How Should We Regard Animals?

The Bible says, “A righteous man regards the life of his animal” (Prov. 12:10 NKJV). If I love God and appreciate His creatures, the animals, it makes “Christian” sense to say my treatment of animals should be intelligent, wise, and never careless or cruel. As a Christian, my values are Judeo-Christian, which means they are derived from both the Old and New Testaments.

God commanded that working animals, along with people, be allowed to rest on the Sabbath Day (Deut. 5:14). God required of Israel the wise conservation of animals taken for food (22:6-7). He forbade the cruelty of setting an ox and a donkey (unequally yoked) side-by-side to pull a plow (v. 10), and commanded that a working animal not be deprived of food (25:4).

What About Animals as Food?

For various reasons, there are people who do not eat meat. Some regard a vegetarian diet as more healthful, while others object to killing animals, and many (devout Hindus, for example) abstain from eating meat on religious grounds. Nevertheless, huge quantities of animals are consumed daily as food by humans around the world. What does the Bible say about humans eating animals?

Prior to the Flood, Scripture suggests it was God’s will that both humans and animals be sustained by a diet of vegetables, fruit, nuts, and grains (Gen. 1:29-30).  However, after the Flood, God gave a new command to Noah: “Every moving thing that lives shall be food for you.  I have given you all things, even as the green herbs” (9:3 NKJV). Why this change? Possibly because Noah (the human) had saved the lives of the animals in the ark, God gave the animals as food to sustain the life of humans.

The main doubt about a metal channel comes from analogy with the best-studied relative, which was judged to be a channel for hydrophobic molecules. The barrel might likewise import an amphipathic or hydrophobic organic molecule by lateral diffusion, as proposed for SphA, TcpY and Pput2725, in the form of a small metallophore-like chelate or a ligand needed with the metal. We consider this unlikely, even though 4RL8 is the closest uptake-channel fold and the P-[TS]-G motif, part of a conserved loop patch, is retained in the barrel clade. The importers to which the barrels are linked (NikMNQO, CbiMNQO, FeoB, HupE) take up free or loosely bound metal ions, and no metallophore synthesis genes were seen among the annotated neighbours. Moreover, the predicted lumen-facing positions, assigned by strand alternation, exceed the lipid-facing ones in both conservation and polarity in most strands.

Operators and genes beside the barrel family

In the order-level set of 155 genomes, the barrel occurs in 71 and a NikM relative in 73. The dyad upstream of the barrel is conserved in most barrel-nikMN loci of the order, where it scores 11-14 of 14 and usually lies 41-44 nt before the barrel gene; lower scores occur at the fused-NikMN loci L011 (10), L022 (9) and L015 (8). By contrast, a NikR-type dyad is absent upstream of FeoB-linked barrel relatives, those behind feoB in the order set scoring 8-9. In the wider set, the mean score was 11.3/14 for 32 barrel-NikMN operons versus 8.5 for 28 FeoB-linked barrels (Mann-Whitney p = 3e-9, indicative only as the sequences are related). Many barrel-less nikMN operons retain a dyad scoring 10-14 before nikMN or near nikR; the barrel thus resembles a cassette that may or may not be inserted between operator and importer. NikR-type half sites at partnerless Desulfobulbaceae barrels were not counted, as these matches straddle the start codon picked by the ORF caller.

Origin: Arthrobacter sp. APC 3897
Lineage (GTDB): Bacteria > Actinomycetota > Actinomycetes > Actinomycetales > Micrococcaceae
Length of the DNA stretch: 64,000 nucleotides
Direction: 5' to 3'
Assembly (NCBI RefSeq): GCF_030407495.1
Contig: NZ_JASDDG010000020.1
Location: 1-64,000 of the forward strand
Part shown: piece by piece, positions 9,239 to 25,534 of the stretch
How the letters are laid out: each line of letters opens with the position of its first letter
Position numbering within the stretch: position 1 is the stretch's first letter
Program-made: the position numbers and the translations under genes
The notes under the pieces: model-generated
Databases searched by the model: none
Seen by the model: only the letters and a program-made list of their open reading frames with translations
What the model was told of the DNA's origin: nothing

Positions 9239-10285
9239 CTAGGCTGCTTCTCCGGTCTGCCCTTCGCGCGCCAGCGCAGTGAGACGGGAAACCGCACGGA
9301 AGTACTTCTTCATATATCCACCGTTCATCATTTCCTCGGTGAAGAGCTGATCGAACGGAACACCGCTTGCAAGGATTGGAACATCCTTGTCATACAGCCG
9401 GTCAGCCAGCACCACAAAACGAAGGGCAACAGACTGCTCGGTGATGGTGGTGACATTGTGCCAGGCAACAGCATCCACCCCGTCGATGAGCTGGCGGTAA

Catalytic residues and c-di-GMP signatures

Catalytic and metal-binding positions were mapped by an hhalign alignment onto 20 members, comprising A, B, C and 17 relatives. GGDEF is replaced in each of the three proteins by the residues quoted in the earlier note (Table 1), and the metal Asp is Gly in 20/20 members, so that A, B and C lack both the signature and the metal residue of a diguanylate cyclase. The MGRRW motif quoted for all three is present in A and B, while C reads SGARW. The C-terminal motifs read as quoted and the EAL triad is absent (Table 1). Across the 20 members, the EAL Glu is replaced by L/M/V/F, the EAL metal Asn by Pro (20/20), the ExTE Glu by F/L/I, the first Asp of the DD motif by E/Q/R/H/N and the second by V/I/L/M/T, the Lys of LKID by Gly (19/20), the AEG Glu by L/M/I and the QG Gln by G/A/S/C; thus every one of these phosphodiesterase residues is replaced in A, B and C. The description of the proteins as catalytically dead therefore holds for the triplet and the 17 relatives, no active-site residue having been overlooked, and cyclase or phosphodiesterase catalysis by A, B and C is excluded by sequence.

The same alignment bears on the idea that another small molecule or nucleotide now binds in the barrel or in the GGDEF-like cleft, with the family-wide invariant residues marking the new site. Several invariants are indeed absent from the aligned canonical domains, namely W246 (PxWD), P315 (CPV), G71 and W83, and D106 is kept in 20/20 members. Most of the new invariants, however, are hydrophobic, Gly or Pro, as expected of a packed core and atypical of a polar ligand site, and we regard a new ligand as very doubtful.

Understood this way, the killing of animals for food takes on a sacramental significance. It seems the apostle Paul suggested this when he said, “Every creature of God is good, and nothing is to be refused if it is received with thanksgiving [to God]; for it is sanctified [made holy] by the word of God [the commandment of God in Gen. 9:3] and prayer” (1 Tim. 4:4-5 NKJV).

While the Bible permits the killing and eating of animals, the dietary laws of the Jews are instructive regarding the killing of animals for food. In addition to the distinctions devout Jews make between clean and unclean animals, for meat that is to be eaten to be kosher (holy, devoted to God), the animal must have been killed humanely, not violently. An animal intended to be received as food is slaughtered by cutting the jugular vein, so death will come quickly with a minimum of pain, and most of the blood is drained from the body (in keeping with the commands in Genesis 9:4 and Leviticus 3:17).

Concluding Thought and Exhortation

Throughout much of the world, where people still must kill and prepare for themselves the animals they eat, they are aware that animals die so they can nourish themselves. But in the more developed and affluent nations of the world, most people eat meat with no consciousness of where it comes from─that some animal was killed to provide the food they eat.

If our thanks to God for the animals we receive as food is to be more than a meaningless formality, and if our consumption of animals is to be sacramental (sanctified, holy), we must be conscientiously grateful to God for the animals that become our food. Beyond that, our gratitude to God for animals should be extensive: for the comfort and joy we have from their company, the benefits we derive from their service, our delight in their beauty and antics, and our informative observations of their intelligence. Thank God for all of His creatures great and small.

Daniel L. Black is editor of New Life adult Sunday school curriculum for Pathway Press.